Custom Class: header-search-container

Custom Class: header-search-close

Or Explore Suggested Pages

Custom Class: header-search-button

Custom Class: header-menu-button

Newsworthy

Encouraging Students to Challenge Traditional Narratives
Monica Medellin '11 and Katie McKellar, Assistant Director of the BCIL

Monica Medellin '11 is a director and producer, born and raised in Los Angeles. She is the CEO and Founder of The Gnar Gnar Honeys, a production company that promotes diversity and representation in front of and behind the lens. 

Prior to founding The Gnar Gnar Honeys, Monica worked as a content creator at the World Surf League, producing video content around women and women of color surfers for its global audiences, and as a video producer at Define American, a non-profit media and culture organization named to Fast Company’s most innovative companies in the world for film and TV. 

Previously, she worked at the Los Angeles Times, Revolt TV, Univision, and Vibe Magazine and freelanced for ACLU SoCal, and Color of Change. Her work has appeared on Vice, Conde Nast, The Washington Post, Shondaland, and at the Women’s March on Washington.

In October 2020, Monica visited Brentwood's LatinX in Los Angeles class in partnership with the Belldegrun Center for Innovative Leadership (BCIL). Students explored videos from her What are you? Race and the U.S. Census series along with her LA Made series.  

In reflecting on the creation of her most recent film Water Warrior, Ms. Medellin said: “I knew it was a story I wanted to tell, and I knew that it was an important story.”  She shared with the students that she created this film on a very limited budget and it has now premiered at the Los Angeles Latino International Film Festival, International Ocean Film Festival, Save the Waves Film Festival, and Patagonia Film Festival. Ms. Medellin continued: “I think it is a true testament to the fact that telling your story can change the world, even if you don’t feel like you are ready or you have the resources. I think it is really important to just get it out there and share it, especially if you feel passionate about it.”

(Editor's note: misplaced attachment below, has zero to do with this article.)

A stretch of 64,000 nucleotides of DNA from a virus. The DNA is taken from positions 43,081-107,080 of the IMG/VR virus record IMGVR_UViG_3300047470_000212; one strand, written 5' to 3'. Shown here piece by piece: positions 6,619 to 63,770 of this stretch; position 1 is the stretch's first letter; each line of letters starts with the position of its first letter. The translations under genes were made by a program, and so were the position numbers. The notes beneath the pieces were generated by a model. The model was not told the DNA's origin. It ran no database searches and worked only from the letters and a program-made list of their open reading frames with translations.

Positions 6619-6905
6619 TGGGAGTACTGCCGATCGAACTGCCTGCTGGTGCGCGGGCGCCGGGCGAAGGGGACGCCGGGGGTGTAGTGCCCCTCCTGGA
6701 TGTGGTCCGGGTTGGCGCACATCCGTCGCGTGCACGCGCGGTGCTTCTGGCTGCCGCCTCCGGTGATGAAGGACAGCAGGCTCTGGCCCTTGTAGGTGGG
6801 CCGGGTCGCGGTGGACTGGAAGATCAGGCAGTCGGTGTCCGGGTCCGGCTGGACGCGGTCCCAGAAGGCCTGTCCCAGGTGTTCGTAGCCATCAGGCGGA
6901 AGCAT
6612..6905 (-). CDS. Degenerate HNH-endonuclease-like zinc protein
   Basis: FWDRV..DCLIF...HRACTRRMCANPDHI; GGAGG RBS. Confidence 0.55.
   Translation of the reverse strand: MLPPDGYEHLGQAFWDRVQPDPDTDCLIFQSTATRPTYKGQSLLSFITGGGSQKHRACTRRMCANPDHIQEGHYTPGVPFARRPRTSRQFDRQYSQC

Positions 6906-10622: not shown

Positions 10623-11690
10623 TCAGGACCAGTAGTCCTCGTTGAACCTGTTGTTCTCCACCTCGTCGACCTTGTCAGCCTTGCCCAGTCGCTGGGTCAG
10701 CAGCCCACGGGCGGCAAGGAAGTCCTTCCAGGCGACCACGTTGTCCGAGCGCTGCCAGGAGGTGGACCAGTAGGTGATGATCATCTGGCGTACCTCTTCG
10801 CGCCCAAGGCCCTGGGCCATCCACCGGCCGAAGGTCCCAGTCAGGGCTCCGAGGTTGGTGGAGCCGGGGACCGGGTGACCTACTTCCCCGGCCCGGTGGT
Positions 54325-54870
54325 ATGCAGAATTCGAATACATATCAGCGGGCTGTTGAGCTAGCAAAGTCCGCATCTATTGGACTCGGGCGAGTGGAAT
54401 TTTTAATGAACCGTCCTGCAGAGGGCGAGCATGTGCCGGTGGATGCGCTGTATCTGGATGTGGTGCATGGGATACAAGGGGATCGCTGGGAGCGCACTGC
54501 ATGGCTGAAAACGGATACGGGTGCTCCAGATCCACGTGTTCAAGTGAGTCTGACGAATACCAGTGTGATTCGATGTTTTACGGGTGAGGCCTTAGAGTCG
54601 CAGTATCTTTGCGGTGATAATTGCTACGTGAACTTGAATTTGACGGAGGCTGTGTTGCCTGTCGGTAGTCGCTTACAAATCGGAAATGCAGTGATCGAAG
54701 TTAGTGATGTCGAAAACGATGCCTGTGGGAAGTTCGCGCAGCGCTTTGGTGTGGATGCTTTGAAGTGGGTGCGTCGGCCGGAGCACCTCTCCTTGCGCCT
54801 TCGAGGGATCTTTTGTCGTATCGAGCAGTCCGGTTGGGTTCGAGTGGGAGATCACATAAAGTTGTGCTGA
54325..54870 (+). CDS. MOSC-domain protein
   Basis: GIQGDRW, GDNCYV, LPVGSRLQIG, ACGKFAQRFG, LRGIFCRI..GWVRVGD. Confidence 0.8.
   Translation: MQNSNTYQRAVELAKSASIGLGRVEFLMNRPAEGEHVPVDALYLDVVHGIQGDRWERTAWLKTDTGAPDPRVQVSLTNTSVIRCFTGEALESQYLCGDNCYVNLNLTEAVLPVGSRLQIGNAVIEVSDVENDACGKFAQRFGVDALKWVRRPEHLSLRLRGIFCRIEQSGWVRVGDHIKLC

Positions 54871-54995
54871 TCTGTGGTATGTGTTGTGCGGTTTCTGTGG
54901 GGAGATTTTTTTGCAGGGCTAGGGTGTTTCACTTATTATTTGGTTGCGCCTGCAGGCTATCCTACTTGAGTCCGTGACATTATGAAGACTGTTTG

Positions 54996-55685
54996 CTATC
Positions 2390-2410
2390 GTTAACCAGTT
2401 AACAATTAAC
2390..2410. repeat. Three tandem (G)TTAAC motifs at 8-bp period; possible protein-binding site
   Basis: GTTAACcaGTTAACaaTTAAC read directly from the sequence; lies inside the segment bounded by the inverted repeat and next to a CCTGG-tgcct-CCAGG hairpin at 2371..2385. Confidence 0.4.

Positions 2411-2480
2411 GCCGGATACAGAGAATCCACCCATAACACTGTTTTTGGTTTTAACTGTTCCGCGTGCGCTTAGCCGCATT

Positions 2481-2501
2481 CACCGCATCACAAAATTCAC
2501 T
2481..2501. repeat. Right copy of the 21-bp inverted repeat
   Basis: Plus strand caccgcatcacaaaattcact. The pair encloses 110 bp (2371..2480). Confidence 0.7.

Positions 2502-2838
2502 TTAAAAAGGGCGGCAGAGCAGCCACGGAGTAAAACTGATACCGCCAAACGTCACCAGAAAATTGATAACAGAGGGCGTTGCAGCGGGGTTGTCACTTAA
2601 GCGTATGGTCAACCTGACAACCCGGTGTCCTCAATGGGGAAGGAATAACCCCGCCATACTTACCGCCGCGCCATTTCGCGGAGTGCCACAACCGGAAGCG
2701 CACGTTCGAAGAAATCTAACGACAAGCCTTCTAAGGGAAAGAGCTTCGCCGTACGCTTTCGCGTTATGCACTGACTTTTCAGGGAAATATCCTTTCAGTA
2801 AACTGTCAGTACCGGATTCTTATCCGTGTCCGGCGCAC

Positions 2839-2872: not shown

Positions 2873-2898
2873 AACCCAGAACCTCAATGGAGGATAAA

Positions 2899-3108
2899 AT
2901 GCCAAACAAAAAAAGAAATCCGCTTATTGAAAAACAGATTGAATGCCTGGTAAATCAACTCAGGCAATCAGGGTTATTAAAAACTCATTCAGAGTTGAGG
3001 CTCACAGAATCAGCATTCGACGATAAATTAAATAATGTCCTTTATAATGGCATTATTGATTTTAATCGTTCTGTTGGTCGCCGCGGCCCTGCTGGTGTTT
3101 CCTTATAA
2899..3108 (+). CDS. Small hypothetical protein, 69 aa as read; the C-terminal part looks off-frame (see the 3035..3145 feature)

The students in the class really valued hearing Ms. Medellin’s life story and advice on how to approach long-term projects. Willy A. ’21 shared his feedback on the visit: 

Monica was amazing! Her story resonated with mine, which made me reflect on my story and the stories of others before me. Also, the energy Monica came in with—as a strong, independent Latina—made me really happy and energetic. Her videos were amazing!

Giulia G. ’21 gained valuable insights into the storytelling process: 

In her projects, Monica focused on exploring a breadth of experiences not commonly featured in the mainstream media, challenging the traditional narratives about our city, and inviting us to think critically about that media bias which informs our perception of the world around us. She also emphasized the importance of entering each project from a position of empathy and genuine understanding, allowing each person’s experience to drive the narrative rather than cherry-picking small segments to fit a preconfigured storyline. As she shared insights acquired through her extensive experience, I learned the qualities that make a successful journalist: the ability to listen, the ability to create relationships with a wide variety of storytellers, and the ability to present information with compelling and emotional footage that connects with a variety of audiences.

The insights gained from Ms. Medellin’s visit helped inform the semester-long projects of students in this class that address a range of issues relevant to the Latinx community, including the investigation of gentrification on the Eastside of Los Angeles as well as an in-depth analysis of the huge disparities in access to and quality of health services for the Latinx community. Projects will also explore the underrepresentation of the Latinx community in the film industry and the lasting effects of language segregation of ELLs (English language learners, most of them Latinx) in L.A.'s public school system.

Continue Exploring